Once the coffee is roasted, the fun of making amazing coffee begins! Regardless of how, it is both an art and a science to balance the coarseness/fineness of the coffee grounds, the time/duration of contact, and the temperature of the water.

History of Commonwealth

Our favorite coffee roasters are right here in Denver.  Commonwealth was founded by Jason Farrar and Ryan Fisher in Fall 2013.  The two originally met when Jason was the head roaster for the company that supplied Ryan’s café.  They both had Denver on the mind (Jason used to live here and Ryan was always up here visiting friends) and knew that Denver was a no brainer in terms of growth potential.  Since they had worked together previously, they knew they would be a good fit in terms of coffee theory and commitment.

Their company is founded on the belief that amazing coffee deserves to be shared.  Their two gifts to the people they serve?: genuine community and outstanding coffee. The name Commonwealth was born from the desire to share an amazing experience with their customers while enjoying an amazing cup of coffee.  Commonwealth’s goal is to roast every coffee bean to its fullest potential, favoring sweetness and fully developed flavors.  Their strategy has worked well for them.  Commonwealth boasts sixteen accounts in six states nationwide.  Drop in to any one of their locations and see why Commonwealth is adored, not only for their amazing and unique coffee flavors, but also for the sense of “home” and community in their ambiance.

Step by Step How to Brew with French Press

Our preferred way to brew coffee is using a French press.  For those of you not familiar with this method, follow this easy step by step how to:

  1. Start with an empty, clean French press
  2. Choose your favorite whole bean coffee (our fave is Commonwealth’s Burundi Kinyovu Micro- lot #7, lovingly deemed “Christmas in a cup”)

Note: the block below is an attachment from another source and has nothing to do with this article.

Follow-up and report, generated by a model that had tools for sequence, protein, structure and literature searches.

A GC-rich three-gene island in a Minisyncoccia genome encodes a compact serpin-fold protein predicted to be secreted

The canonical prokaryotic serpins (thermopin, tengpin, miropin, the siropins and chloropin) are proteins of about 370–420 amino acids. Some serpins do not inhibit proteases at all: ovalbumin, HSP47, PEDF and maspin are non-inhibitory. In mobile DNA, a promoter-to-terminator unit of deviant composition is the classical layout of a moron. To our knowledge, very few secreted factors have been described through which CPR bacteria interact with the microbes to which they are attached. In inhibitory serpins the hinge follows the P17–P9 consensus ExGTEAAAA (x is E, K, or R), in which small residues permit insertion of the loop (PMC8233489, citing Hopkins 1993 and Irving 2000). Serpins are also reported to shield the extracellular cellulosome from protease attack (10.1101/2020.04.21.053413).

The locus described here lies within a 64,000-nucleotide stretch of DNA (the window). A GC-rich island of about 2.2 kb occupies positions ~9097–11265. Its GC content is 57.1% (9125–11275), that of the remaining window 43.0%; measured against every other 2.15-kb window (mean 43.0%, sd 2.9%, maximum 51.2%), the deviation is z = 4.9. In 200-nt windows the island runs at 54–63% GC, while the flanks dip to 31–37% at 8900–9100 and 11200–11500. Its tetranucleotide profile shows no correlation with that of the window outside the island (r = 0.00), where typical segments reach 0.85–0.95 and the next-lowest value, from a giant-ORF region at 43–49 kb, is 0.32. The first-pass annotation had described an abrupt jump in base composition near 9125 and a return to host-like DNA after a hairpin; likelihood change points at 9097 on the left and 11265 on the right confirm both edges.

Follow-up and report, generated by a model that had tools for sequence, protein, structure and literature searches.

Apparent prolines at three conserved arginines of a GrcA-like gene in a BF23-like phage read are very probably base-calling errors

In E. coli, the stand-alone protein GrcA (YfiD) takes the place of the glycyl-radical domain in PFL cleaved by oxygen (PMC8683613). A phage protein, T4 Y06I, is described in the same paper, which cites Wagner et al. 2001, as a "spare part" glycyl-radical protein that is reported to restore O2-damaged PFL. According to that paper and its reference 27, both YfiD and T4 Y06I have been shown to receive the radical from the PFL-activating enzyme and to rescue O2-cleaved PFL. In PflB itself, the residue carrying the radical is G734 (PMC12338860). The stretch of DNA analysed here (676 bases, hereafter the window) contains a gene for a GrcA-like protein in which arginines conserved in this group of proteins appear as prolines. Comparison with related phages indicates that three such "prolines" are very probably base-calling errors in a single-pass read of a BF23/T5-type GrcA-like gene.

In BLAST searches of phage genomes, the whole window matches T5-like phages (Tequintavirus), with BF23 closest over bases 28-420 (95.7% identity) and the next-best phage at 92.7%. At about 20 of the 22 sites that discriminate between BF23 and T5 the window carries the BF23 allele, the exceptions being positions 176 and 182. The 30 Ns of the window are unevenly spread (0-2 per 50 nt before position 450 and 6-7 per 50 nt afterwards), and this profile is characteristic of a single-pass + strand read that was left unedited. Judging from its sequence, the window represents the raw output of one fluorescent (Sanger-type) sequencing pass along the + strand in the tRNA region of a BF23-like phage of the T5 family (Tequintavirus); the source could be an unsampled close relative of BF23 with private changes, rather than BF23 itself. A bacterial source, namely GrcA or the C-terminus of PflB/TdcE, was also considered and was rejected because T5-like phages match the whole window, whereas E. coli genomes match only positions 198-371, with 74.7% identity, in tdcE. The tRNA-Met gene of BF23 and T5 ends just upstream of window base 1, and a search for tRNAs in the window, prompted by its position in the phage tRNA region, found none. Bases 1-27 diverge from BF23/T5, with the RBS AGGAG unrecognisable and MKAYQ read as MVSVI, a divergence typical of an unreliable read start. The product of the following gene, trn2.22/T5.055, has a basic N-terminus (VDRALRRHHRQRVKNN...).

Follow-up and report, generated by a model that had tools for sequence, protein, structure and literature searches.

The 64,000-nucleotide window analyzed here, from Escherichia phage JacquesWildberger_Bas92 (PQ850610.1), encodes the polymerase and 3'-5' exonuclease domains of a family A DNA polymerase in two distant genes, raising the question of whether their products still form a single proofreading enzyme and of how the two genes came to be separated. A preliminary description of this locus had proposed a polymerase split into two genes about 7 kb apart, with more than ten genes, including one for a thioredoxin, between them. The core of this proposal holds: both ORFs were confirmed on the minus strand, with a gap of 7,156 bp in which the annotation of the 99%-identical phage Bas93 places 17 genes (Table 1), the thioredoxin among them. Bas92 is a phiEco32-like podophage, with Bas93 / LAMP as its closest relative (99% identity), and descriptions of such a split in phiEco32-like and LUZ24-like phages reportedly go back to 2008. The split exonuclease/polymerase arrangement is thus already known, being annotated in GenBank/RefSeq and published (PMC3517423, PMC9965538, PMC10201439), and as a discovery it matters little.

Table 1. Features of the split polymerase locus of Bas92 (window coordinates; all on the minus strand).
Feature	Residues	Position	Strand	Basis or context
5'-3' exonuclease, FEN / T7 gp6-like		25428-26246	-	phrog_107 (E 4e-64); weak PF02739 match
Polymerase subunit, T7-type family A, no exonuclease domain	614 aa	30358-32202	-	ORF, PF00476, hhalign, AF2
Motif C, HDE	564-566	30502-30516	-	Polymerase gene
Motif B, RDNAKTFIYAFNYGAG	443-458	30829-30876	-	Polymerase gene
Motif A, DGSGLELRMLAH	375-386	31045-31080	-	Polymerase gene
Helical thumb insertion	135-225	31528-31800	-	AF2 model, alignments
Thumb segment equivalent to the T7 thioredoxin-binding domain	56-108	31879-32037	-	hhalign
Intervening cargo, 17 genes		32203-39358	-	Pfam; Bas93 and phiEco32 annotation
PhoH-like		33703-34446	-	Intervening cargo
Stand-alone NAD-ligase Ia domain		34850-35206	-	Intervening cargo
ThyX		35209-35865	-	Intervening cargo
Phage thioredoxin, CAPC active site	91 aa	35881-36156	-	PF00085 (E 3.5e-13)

3. Grind the beans and pour into the glass beaker
  4. Boil water and pour into the glass beaker until it is just under the beaker’s spout
  5. Stir
  6. Slightly submerge the plunger to ensure that all the coffee is in the water and place the lid on top of the coffee
  7. Wait 2-3 minutes to let it infuse
  8. Fully press the plunger down so that the grounds are at the bottom of the beaker
  9. Pour into your favorite coffee mug
  10. Enjoy!

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What’s that you say? You don’t have anything to set your cup of coffee on without leaving those nasty coffee rings? Well, you do now! Visit the Photobucket Print Shop on Android and iOS for all products that we offer, including these nifty coasters that I created:

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From our cup of specialty coffee to yours, we encourage you to start your mornings with a flavorful cup of amazing coffee that, if you are lucky, locally benefits your community as well as tickles your taste buds with a treat.

1 Comment

  1. Alan Cottee
    November 29, 2014

    I’m a lover of coffee also , even registered names and had zip lock packs designed to sell online 15 years ago but was told by everyone that selling coffee online would not work..My BIG mistake! I loved your article on coffee and its inspired me to go make one while a design a mousepad!